HC Deb 28 June 1989 vol 155 cc969-70
12. Mr. Andy Stewart

To ask the Secretary of State for the Environment what measures were agreed at the recent meeting of European Community Environment Ministers to ban trade in ivory.

Mrs. Virginia Bottomley

The Environment Council strongly supported the United Kingdom Government's proposal for an immediate ban on the import into the Community of raw and worked ivory.

Mr. Stewart

I thank my hon. Friend for that positive result. Is she aware that the British people are delighted by the Government's strong lead in trying to stamp out that evil trade? One could say that we are in a position to blow our trumpet. What success has my hon. Friend had in persuading other countries to follow our example?

Mrs. Bottomley

I thank my hon. Friend for his tribute. My noble Friend the Minister for Housing, Environment and Countryside visited Kenya and was most successful with the initiative taken at the Environment Council. All members of the Community now ban raw and worked ivory, Hong Kong has taken further steps to ban imports, Japan is strengthening its controls, and the United Arab Emirates have announced their intention to become parties once again to the CITES agreement.

Mr. Hardy

Is the Minister aware that elephant tusks from east Africa tend to be shaped differently from those originating in central and southern Africa, yet photographs of tusks imported into Britain and Europe over the past few months supposedly from central and southern Africa clearly originated from the Kenya national parks and are a result of the serious poaching there? In view of the corrupt, irresponsible and illegal nature of such activities in east Africa, will the Minister ensure not only that a ban is enforced by Britain and Europe but that there is a great deal more international effort to stop that particularly disgraceful trade?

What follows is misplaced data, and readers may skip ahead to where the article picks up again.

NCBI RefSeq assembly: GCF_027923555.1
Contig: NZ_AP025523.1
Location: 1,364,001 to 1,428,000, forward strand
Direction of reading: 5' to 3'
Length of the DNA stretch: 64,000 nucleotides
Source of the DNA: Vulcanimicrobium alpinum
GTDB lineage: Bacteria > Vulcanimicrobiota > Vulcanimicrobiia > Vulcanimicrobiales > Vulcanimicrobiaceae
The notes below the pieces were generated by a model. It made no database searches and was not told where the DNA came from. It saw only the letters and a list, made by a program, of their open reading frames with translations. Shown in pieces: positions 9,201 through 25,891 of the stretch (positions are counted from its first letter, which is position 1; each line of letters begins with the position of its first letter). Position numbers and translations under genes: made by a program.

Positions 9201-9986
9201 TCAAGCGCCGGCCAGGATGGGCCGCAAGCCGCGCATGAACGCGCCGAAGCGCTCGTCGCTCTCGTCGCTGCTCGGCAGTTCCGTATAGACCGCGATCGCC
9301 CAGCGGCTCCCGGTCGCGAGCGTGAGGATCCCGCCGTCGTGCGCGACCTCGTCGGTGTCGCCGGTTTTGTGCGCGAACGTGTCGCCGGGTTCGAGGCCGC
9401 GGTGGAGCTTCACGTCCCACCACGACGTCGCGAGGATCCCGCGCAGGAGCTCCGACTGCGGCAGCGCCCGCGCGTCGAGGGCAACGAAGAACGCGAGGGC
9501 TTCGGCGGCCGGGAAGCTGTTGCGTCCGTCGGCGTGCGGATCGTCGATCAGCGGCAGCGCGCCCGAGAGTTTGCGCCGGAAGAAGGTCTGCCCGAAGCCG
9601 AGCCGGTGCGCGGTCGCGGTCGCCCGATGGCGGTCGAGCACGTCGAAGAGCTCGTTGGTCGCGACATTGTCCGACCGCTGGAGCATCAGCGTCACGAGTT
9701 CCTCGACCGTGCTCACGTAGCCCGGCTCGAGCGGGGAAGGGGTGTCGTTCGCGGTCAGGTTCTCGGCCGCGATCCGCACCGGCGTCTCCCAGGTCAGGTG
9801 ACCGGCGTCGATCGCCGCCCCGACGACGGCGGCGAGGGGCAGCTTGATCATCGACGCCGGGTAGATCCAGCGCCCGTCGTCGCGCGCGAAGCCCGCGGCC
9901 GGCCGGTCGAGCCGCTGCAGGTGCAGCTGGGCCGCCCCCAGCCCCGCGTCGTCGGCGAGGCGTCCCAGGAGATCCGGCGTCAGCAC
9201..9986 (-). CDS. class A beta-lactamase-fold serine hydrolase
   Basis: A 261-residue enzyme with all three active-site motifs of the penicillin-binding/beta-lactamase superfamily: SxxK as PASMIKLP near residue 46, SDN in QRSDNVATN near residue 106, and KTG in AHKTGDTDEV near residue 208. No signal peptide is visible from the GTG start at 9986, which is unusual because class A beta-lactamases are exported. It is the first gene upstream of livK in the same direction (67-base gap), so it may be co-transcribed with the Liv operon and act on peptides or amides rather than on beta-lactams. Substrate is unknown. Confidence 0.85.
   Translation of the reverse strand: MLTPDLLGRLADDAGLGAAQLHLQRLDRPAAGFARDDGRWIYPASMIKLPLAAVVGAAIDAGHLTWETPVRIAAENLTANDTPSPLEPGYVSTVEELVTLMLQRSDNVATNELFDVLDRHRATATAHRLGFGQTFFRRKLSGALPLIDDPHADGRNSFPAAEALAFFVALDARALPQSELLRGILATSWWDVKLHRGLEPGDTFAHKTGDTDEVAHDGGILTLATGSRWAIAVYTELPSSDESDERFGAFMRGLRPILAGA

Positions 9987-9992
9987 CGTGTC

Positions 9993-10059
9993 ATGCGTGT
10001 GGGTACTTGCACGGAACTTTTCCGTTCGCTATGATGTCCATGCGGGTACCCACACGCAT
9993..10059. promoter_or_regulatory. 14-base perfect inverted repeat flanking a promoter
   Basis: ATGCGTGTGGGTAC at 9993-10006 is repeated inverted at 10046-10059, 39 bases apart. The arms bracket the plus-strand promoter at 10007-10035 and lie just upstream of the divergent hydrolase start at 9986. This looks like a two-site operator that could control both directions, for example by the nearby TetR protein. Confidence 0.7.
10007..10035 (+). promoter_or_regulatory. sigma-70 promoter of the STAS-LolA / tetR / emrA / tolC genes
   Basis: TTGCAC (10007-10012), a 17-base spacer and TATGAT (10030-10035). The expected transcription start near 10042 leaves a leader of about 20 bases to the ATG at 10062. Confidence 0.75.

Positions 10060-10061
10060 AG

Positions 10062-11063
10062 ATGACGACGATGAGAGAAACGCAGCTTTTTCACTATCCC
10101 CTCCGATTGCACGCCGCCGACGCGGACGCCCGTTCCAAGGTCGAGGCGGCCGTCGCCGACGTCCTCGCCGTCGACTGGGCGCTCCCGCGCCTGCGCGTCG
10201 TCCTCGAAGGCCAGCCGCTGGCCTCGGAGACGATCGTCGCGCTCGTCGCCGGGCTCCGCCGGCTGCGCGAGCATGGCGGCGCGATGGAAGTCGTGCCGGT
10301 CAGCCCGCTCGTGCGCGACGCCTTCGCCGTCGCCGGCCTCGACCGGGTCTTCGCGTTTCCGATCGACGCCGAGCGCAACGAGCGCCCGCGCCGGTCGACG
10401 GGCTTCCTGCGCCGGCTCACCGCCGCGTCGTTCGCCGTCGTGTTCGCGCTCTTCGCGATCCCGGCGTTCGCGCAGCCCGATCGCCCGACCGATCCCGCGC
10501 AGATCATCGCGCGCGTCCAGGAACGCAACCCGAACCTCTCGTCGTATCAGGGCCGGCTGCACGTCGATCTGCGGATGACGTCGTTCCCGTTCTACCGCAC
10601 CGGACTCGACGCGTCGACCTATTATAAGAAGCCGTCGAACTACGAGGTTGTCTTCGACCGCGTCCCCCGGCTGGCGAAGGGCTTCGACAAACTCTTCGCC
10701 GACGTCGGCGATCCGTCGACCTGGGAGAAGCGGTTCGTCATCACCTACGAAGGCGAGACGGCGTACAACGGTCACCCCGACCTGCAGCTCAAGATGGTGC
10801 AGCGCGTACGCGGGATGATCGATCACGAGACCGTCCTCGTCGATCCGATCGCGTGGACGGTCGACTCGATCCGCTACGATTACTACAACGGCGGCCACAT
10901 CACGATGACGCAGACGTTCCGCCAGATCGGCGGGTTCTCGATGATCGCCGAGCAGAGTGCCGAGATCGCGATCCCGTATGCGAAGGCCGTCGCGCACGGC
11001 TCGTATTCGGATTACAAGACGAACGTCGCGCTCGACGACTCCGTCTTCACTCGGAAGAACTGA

Mrs. Bottomley

Very great care was taken to control such legitimate trade as was allowed through the ivory trade monitoring unit at CITES, which has worked closely with our Customs and with our managing agents in the countries concerned. As a result of concern about the species, we decided that the African elephant should be included in appendix I of CITES, which will outlaw all ivory trade.

Mr. Nicholas Winterton

While warmly welcoming my hon. Friend's reply and the very fine example set by the United Kingdom, is she not afraid that by banning ivory we could drive that evil trade underground? Is she aware that South Africa and Namibia have found ways of cutting out illegal poaching, though both countries are so openly criticised by Opposition Members?

Mrs. Bottomley

I am well aware of the steps taken by the countries that my hon. Friend mentions to control the ivory trade. Our primary concern must be the conservation of the species, and we have decided that the time is right for the African elephant to be included in appendix I of CITES together with the Indian elephant, and to outlaw trade in its ivory.